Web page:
Under the Wire (Martin, 2018): USA

Viewed by Larry Gleeson as part of the 2018 American Film Institute’s AFI DOCS.

Under The Wire, tells the story of a daring entry on 13 February 2012, into war-ravaged Syria by two journalists. One of them was celebrated Sunday Times war correspondent, Marie Colvin. The other was photographer, Paul Conroy. Their aim was to cover the plight of Syrian civilians trapped in Homs, a city under siege and relentless military attack from the Syrian army and report on the untold suffering of women and children who were the kept secret of Assad regime’s assault on dissenters. Under the cloak of combating terrorism, the regime was effectively silencing the call for democracy…

Director Christopher Martin [Review (1969), The War on Democracy (2007) and Under the Wire (2018)] opens the film with footage of Conroy at one of his darkest moments in Baba Amr, a city-district in southwest Homs in central Syria. Much of the opening sequence has the feel of an expose’. However, that soon gives way to a non-linear narrative that juxtaposes, at first Conroy, and later fellow journalists, recollections

Posted at 1pm on 06/21/18 | 1 comment | Filed Under: Documentary, Films read on

Hesburgh (Creadon, 2018): USA

Viewed by Larry Gleeson as part of the 2018 American Film Institute’s AFI DOCS.

Hesburgh is a biographical account of Father Theodore Martin Hesburgh, an ordained priest of the Congregation of Holy Cross. Hesburgh is widely known for his tenure, from 1952-1987, as President of the University of Notre Dame, located in South Bend, Indiana. Others knew Fr. Hesburgh as a confidante and as an advisor to American Presidents including, Dwight D. Eisenhower, John F. Kennedy, Lyndon B. Johnson and Richard “Dick” Nixon. But, Director Patrick Creadon and Producer Christine O’Malley get behind the public persona and weave a story of mythic proportions.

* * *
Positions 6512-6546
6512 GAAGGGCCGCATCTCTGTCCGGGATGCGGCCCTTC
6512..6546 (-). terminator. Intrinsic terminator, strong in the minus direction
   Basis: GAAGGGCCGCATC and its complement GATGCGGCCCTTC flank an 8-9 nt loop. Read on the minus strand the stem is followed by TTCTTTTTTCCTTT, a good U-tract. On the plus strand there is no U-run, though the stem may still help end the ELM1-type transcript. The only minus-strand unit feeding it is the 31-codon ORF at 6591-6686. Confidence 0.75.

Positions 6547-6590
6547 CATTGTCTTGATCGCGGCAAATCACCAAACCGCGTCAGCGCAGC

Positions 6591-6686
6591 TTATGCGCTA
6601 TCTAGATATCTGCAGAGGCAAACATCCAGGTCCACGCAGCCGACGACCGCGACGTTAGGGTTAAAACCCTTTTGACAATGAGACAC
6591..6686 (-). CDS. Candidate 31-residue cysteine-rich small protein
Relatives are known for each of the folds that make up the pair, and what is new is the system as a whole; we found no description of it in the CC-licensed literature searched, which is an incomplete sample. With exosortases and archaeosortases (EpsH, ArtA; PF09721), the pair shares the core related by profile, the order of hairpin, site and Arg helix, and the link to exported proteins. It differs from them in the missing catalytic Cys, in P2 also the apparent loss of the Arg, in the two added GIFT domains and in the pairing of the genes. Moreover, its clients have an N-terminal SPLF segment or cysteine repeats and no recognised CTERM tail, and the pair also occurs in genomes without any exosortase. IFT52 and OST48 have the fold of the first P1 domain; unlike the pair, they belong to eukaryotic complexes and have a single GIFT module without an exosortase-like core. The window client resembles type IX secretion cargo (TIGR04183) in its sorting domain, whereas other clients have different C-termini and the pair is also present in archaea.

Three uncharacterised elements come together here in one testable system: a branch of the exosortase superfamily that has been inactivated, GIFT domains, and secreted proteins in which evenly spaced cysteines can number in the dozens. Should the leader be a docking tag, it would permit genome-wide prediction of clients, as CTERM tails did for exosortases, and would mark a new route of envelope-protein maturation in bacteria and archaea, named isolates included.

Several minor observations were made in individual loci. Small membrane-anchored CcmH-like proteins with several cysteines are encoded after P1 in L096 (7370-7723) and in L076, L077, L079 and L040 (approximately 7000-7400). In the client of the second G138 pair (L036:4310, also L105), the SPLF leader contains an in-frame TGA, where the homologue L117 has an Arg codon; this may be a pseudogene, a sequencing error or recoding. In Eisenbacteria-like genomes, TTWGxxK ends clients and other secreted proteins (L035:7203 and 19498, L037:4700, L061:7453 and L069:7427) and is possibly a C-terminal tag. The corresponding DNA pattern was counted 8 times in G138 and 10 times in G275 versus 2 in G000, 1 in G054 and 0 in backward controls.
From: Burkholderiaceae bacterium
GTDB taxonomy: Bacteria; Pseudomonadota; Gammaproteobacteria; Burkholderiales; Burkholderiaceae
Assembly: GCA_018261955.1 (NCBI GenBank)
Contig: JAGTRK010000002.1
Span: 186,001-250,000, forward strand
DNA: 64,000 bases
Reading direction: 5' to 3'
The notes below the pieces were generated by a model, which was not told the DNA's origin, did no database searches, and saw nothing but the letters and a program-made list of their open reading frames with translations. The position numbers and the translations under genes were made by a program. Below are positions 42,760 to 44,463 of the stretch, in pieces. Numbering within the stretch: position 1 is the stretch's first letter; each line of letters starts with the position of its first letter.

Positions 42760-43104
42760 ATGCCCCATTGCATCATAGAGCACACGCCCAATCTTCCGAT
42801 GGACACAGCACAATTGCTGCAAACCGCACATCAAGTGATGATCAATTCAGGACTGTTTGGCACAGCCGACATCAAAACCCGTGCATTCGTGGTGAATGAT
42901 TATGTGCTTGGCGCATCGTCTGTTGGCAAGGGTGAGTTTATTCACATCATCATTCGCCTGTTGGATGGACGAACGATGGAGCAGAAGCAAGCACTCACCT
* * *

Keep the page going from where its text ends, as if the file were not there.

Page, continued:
Beginning with his ambitious plan to transform Notre Dame from an average academic institution with a great football team into a leading university for personal examination, exploration and learning, Hesburgh began wooing captains of industry for financial support and invited Fr. John Courtney Murray to lecture on the highly controversial tome The Catholic Church in World Affairs, at the University of Notre Dame. The voice-over narration and black and white still photos add a sense of historical significance and deification of what Hesburgh was engaging

Posted at 10am on 06/20/18 | no comments | Filed Under: Documentary, Films read on

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Film Review Club: Reviews of current film releases, DVDs, and revivals by student members of the SBCC Film Review Club.

Film Festival Course: FS108: Film Festival Studies: 10-days or 5-days (2 or 3 units). Field course at film festivals to study U.S. and international fiction, experimental and documentary films. Fee required.

Contact: Prof. Nico Maestu (maestu@sbcc.edu)

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